“These songs come from our belief that they came from the creator; they’re given to us. Sometimes the song is given in pieces. I’ll get a piece and then I’ll try to piece the rest of it together. Sometimes the song comes to me in completeness. But over time, years later, I’ll listen to it and be like, ‘I want to make this change.’

“I feel it’s very important to have an understanding of the foundation of where these things come from as I’m creating, and that I’m doing it in the same spirit as those who came before me, not in a way that dishonors or disrespects where it came from.”

As Fantasia began thinking more intensely about the traditional style of songs, he realized colonization and assimilation hit East Coast tribes differently than tribes further West.

“We’ve had to deal with the impacts of colonization much longer than everybody else. What has come with that? Unfortunately, certain teaching songs have fallen through the cracks… The initial intent of colonization and assimilation was to kill the Indian, save the man. And if you couldn’t save the man, do away with both… There was a time when speaking our language, singing, and dancing were illegal. It was literally illegal to be an Indigenous person. You could be born of the tribe, but you couldn’t culturally be of your tribe.”

It took until 1987 for the Wampanoag tribe to obtain federal acknowledgement and the US government to take responsibility for its injustices and grant partial restitution for land unjustly taken.

“The fact my great grandparents and grandparents before them fought and adapted and did what they had to do so we could continue, if that’s not perseverance, I don’t know what is.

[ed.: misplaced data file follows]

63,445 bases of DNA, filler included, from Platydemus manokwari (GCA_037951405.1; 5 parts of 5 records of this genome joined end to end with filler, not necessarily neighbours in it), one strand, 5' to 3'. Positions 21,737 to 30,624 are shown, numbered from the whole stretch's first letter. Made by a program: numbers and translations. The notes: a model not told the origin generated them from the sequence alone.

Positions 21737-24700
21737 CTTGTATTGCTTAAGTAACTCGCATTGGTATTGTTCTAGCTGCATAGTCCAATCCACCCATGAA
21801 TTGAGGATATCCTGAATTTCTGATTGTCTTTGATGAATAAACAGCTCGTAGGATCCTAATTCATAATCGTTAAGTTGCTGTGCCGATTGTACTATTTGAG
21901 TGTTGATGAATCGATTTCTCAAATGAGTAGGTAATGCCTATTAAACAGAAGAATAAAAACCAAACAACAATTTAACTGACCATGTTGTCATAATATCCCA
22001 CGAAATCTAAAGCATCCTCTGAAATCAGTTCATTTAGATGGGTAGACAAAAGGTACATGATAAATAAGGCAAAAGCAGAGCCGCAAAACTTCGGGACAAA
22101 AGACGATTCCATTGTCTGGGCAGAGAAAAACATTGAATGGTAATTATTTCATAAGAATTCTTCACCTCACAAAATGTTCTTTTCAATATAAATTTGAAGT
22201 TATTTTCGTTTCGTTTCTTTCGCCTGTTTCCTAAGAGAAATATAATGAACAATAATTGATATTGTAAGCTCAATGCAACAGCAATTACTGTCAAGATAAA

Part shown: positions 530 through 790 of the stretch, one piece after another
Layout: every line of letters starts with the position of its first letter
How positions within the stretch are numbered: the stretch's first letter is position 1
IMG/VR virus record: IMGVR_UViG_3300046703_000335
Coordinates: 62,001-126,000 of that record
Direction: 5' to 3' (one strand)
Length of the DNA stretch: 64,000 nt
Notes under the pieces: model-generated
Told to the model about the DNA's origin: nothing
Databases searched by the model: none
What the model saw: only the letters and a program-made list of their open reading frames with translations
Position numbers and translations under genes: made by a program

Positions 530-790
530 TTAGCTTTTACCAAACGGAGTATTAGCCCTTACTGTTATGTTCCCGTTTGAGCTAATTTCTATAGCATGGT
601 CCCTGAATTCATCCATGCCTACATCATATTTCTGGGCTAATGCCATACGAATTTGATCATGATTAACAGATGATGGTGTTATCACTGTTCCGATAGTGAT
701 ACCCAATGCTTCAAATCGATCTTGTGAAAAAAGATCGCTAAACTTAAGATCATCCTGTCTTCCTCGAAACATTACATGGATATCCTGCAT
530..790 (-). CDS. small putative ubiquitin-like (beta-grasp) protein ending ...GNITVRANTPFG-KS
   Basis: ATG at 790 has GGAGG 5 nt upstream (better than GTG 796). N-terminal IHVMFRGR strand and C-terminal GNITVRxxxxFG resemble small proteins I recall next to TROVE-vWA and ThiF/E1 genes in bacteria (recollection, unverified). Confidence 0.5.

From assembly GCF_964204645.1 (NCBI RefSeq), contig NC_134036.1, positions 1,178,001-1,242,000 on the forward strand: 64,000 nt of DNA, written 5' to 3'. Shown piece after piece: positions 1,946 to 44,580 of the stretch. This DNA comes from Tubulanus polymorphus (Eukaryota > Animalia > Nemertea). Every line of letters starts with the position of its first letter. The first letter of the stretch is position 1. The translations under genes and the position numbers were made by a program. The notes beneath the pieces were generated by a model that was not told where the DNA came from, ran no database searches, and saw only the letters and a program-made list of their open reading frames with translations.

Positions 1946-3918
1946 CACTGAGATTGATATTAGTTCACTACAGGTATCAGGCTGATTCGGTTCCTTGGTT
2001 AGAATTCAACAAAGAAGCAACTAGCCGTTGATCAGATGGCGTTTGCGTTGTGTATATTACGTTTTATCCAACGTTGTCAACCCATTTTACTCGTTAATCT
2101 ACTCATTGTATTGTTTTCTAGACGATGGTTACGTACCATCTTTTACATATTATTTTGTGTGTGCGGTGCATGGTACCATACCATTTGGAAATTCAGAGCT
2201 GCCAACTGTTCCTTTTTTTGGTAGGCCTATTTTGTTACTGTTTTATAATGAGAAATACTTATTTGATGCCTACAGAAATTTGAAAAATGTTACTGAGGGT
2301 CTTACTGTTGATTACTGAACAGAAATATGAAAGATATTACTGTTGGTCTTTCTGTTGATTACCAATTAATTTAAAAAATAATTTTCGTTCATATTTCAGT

The U.S. Department of Agriculture (USDA) Natural Resources Conservation Service (NRCS) American Indian/Alaska Native Employee Association (AIANEA) American Indian Drum Group singer/drummers fill the Jefferson Auditorium with traditional song and drumming as they practice before the 2013 American Indian and Alaska Native Heritage Observance at the U.S. Department of Agriculture (USDA) on Thursday, Nov. 14, 2013 in Washington, D.C. The purpose of the American Indian/Alaska Native Program is to provide focus on issues such as employment, promotion, training, and career enhancement affecting American Indian/Alaska Native Employees and applicants in NRCS. AIANEA’s American Indian Drum Group promotes traditional ways of teaching through songs, stories, and community. The American Indian/Alaska Native Employee Association for Natural Resources Conservation Service was formed in 1997. To find out more, go to The theme of this year’s event was “Guiding Our Destiny with Heritage and Traditions.” USDA photo by Lance Cheung.

“I’ve been privileged to sit with some legendary groups, and in those times I’ve tried to ask other lead singers and people who’ve been doing it so much longer than [I have] for their wisdom and knowledge. This has helped me grow as a person, not just as an artist. That’s what I hope to accomplish – to inspire younger generations to pick it up and keep it going, to grow into the man or woman they wanna be.”